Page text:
This ransomware incident is a prime example. The ads displayed by the browser secretly connected in the background with “Angler”, an automated exploit toolkit hosted on remote servers. The same exploit has been behind thousands of successful ransomware attacks since 2013. Security experts estimate that Angler alone generates $60 million per year in revenue for cybercriminals.

The program is designed to probe for vulnerabilities on local computers running Microsoft Windows. If Angler finds an available environment, it goes to work. The kit downloads additional code to the victim’s computer and starts to encrypt files.

Next time the user tries to access those files, the cyber criminals present their demands in a ransom note on the screen.

Ransomware has evolved, driven by the proliferation of unsafe web browsers

This attack didn’t come out of nowhere. Industry insiders have predicted that broad scale ransomware attacks were likely to be launched via trusted, big-name websites.

That time has come, which leads us to make a prediction:

Several large European publishers have filed law suits against software companies that offer ad blockers. They argued that ad blockers kill journalism.

After these ransomware attacks against BBC, New York Times, and their respective audiences, that might be the last we heard of this argument.

Expect an avalanche of lawsuits from ransomware victims who will sue publishers for damages incurred through ransomware.

Because of the high profile of the media outlets that were hit, this incident could mark the beginning of a broader discussion about security on the web and what it takes to effectively protect local computers and networks against web-based threats.

What you can - and should - do to avoid ransomware

Before taking the necessary steps to prevent ransomware from encrypting your files, you should backup your data. Even if you don’t  suspect that your computer may have been hit by ransomware, you need to maintain current backups of your data on offline storage media.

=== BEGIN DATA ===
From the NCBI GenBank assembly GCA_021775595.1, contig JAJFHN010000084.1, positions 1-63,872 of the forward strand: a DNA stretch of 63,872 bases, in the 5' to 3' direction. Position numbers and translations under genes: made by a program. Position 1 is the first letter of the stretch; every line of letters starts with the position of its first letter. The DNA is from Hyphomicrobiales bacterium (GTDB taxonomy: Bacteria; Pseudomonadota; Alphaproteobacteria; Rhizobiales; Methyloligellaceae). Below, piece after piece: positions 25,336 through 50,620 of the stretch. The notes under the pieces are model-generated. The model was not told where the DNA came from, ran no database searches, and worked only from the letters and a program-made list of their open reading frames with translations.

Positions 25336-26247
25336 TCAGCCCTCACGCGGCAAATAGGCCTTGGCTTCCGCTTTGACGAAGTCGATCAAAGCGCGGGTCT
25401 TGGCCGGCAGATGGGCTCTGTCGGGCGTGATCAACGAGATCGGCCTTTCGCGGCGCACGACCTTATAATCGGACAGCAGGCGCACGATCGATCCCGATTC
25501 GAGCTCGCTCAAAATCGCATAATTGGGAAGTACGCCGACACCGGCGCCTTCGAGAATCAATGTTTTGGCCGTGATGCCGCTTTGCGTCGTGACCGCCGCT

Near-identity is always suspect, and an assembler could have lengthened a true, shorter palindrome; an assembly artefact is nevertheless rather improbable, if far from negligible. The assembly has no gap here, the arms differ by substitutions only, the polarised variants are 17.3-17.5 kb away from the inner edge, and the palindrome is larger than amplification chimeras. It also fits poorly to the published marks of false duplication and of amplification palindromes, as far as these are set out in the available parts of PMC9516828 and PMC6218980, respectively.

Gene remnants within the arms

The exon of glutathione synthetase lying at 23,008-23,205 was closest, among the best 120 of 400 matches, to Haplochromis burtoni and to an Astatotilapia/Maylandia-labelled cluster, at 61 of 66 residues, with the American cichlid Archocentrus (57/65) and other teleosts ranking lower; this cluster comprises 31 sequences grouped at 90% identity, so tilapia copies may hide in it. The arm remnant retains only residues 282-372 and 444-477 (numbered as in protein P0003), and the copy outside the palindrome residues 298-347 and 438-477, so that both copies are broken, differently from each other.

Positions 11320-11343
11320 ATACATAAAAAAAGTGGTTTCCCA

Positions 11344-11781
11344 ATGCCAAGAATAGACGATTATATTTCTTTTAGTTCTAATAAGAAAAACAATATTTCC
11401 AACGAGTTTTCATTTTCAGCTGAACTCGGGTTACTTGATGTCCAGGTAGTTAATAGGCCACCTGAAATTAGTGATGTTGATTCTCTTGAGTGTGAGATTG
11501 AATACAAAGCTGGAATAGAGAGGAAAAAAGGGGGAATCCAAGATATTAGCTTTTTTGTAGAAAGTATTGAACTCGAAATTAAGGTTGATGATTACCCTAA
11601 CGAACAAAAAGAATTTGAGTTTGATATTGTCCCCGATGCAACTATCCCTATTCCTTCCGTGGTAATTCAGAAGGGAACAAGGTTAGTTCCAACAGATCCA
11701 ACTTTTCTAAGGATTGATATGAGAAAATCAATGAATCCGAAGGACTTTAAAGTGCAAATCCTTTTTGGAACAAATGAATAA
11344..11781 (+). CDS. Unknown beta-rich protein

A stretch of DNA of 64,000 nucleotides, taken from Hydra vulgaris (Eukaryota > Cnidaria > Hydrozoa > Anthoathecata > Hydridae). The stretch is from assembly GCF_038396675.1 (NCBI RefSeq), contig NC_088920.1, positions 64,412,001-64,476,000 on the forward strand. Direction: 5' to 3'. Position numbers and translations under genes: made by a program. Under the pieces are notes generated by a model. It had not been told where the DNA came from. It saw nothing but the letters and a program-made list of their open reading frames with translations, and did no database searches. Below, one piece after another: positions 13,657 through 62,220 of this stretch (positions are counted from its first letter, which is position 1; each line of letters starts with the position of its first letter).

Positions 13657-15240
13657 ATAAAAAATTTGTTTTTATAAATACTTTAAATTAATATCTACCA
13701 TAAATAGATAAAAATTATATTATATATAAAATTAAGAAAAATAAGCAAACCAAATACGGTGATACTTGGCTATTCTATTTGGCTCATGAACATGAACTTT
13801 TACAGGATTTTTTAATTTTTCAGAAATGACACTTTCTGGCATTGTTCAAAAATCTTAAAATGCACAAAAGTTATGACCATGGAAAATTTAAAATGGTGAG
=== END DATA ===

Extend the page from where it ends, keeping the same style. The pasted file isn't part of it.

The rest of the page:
If you plan to visit any websites that serve up advertising, make sure to use a secure browser that doesn’t render any web code on your local computer.

The only virtual browser that currently fits that profile is Authentic8’s secure browser Silo, which is used by leading law firms, financial institutions and U.S. law enforcement agencies. Silo completely shields your computer and local network from ransomware and all other web-based threats.

For effective ransomware prevention, use a secure browser

With Silo, you get the web experience you’re used to, but without the bad stuff. All web content is rendered in the cloud and delivered to your local computer as visual information - pixels - via an encrypted connection.

Silo doesn’t disclose the IP address of your local computer to dangerous websites and ad networks, doesn’t accept  tracking cookies, and it doesn’t provide access to local system interfaces, like the file system.

Silo makes it easy to prevent ransomware, because it makes it impossible for “Angler” or other web-borne malware to probe your computer or local network vulnerabilities from any angle.

We call it “perfect insulation”, and you can try Silo for free here.